Filing early may not completely eliminate the threat of identity theft, but it can protect your refund. If thieves file a return using your Social Security number before you do, the IRS will kick out your return since their records show you’ve already been paid. It can take months to clear up the mess with the IRS and finally receive your refund.

Filing early may not completely eliminate the threat of identity theft, but it can protect your refund.

4. Early filers with a tax bill have time to make a plan

When you’re facing an income tax bill instead of a refund, it’s natural to put off filing as long as possible. But if you go ahead and fill out your tax forms and file them, you’ll know exactly how much you have to pay—and you won’t have to pay in full until Tax Day.

The more time you have to come up with the money, the less ly you are to bust your budget or drain your emergency fund. So, don’t spend the first part of the year with your head in the sand. Get the facts about what you owe, make your plan, and get that tax bill the way.

You can save time and reduce hassle by gathering the right paperwork the first time around. Not sure what you’ll need to have in hand to file your taxes? Download your free tax preparation checklist.

5. Early filers face less competition for access to their tax professional

You may have found out the hard way that it’s tough to get on a good tax pro’s schedule during crunch time. In fact, if you need a pro and haven’t set an appointment by at least four weeks out from Tax Day, you may have to file an extension.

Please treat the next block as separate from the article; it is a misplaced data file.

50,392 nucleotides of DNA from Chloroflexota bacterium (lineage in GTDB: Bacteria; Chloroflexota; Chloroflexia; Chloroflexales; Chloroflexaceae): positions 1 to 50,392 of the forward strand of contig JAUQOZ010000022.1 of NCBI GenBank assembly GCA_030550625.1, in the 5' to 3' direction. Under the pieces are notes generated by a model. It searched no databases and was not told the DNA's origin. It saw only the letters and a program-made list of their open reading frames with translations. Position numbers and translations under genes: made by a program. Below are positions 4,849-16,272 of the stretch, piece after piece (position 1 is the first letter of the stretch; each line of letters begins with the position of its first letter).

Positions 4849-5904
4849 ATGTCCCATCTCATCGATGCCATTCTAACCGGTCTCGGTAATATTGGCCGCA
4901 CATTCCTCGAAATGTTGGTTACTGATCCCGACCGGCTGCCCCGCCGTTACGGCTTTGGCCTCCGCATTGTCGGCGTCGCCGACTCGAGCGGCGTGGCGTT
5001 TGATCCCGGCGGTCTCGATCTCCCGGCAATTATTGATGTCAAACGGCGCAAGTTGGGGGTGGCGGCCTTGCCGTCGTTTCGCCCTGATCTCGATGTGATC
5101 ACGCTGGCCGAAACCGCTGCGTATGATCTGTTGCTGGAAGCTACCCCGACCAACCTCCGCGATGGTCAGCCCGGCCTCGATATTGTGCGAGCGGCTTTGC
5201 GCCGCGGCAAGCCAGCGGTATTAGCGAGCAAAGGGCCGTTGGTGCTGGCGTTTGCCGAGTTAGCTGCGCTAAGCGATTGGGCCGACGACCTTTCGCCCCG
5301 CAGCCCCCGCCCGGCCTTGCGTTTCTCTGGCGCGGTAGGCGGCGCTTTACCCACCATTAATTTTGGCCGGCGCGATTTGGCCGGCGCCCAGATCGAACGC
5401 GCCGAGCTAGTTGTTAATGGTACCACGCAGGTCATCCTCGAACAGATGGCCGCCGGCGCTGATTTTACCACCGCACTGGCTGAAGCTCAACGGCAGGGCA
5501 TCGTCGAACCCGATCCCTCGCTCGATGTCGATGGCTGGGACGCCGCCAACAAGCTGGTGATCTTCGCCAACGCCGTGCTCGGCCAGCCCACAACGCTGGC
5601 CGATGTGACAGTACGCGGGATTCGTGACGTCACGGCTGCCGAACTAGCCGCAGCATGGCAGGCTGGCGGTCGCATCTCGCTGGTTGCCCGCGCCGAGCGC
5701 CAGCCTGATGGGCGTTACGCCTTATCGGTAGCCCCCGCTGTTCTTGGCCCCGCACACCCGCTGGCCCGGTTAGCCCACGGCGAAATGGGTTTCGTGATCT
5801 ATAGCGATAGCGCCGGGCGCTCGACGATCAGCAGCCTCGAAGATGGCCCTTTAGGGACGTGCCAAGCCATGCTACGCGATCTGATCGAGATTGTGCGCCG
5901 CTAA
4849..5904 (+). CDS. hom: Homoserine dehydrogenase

On top of that, some tax pros will charge more to complete your taxes as the filing deadline approaches. The best way to avoid all that hassle is to get an appointment with your advisor as soon as possible.

Now, if you have a relatively simple tax return and want to try filing yoru taxes on your own, check out RamseySmartTax. If your taxes are more complicated, however, a pro may be your best bet.

Don’t have a tax pro or want to work with a new one this year? We can put you in touch with a tax advisor Dave recommends in your area today!

Источник: https://www.daveramsey.com/blog/benefits-of-filing-taxes-early

Steps to Take Now to Get a Jump on Your Taxes

IRS Free File program open for taxpayers to get a jump start on tax season

Tax planning is for everyone. Get ready today to file your federal income tax return.

Steps you can take now to make tax filing easier in 2021

Viewing your online account allows you to access the latest information available about your federal tax account through a secure and convenient tool on IRS.gov.

View your account information to see information from your most recently filed tax return.

Two important reasons to have an account now are:

  • Individuals with an account on IRS.gov/account can view the amounts of the Economic Impact Payments they received.
  • Some people will need the amount of their adjusted gross income from 2019 if they use different software to file their tax returns for 2020.

If you have questions about how to create an account or how to reset your username or password, see Secure Access: How to Register for Certain Online Self-Help Tools.

Have your records organized to make preparing a tax return easier. It may also help you discover potentially overlooked deductions or credits.

Include in your tax records:

  • Forms W-2 from employers
  • Forms 1099 from banks and other payers
  • Other income documents and records of virtual currency transactions.
  • Form 1095-A, Health Insurance Marketplace Statement, if you purchased Marketplace coverage
  • Notice 1444, Your Economic Tax Payment, if you received an Economic Impact Payment and think you qualify for the Recovery Rebate Credit

Notify the IRS if your address changes and notify the Social Security Administration of a legal name change.

Remember, most income is taxable. This includes:

Ensure your Individual Tax Identification Number (ITIN) hasn’t  expired before you file a tax return in 2021.